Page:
The Global Health program at the Council on Foreign Relations (CFR) provides independent, evidence-based analysis and recommendations to help policymakers, business leaders, journalists, and the public meet the health challenges of a globalized world.
These challenges include infectious diseases that cross borders with easier trade and travel, the rapid growth of noncommunicable diseases in working-age people in developing countries, and the emerging perils of antibiotic resistance and climate change. These changing health needs place new demands on international institutions and initiatives at a time when their long-term financing is in doubt.
Through rigorous research, articles, and online-interactives, CFR's experts work to advance evidence-based analysis and informed decision-making in global health.
To contain infectious disease outbreaks like Zika and Ebola, global health authorities must learn from past efforts to motivate the private and nonprofit sectors around problems of the poor, write CFR’s Thomas Bollyky and PATH CEO Steve Davis.
With the United States likely to pull back on global health funding, the World Health Organization, under its new director-general, will need to undertake serious structural and administrative changes.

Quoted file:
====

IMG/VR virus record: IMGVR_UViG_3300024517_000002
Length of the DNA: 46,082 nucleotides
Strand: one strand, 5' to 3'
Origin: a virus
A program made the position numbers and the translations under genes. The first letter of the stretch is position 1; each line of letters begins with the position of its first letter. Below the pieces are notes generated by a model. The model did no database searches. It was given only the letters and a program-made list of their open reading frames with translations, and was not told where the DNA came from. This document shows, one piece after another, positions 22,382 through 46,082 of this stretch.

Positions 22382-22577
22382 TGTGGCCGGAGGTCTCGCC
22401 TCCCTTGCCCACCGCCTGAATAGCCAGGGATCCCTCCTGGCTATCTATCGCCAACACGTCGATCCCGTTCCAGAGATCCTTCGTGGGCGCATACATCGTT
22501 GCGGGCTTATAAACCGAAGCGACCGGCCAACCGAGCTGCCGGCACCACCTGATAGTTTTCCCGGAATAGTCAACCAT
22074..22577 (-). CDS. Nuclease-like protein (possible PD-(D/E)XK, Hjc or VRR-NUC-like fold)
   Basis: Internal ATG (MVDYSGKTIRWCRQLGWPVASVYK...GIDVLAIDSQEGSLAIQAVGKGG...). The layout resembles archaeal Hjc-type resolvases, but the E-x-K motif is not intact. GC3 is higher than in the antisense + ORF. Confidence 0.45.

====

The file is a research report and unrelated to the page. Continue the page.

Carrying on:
Health experts are already calling 2015 one of the most complicated ever for influenza outbreaks, and the prevalence of lethal strains normally found in birds is especially troubling, writes CFR’s Laurie Garrett.
CFR’s Global Health program has expanded its "Vaccine-Preventable Outbreaks Map," adding new data showing how a hostile climate for vaccinators thwarts the eradication of preventable illnesses such as polio.
The Obama administration has a tremendous opportunity to forge a new approach on tobacco that balances U.S. mandates on trade with its obligations to promote public health at home and abroad, writes CFR Fellow Thomas Bollyky.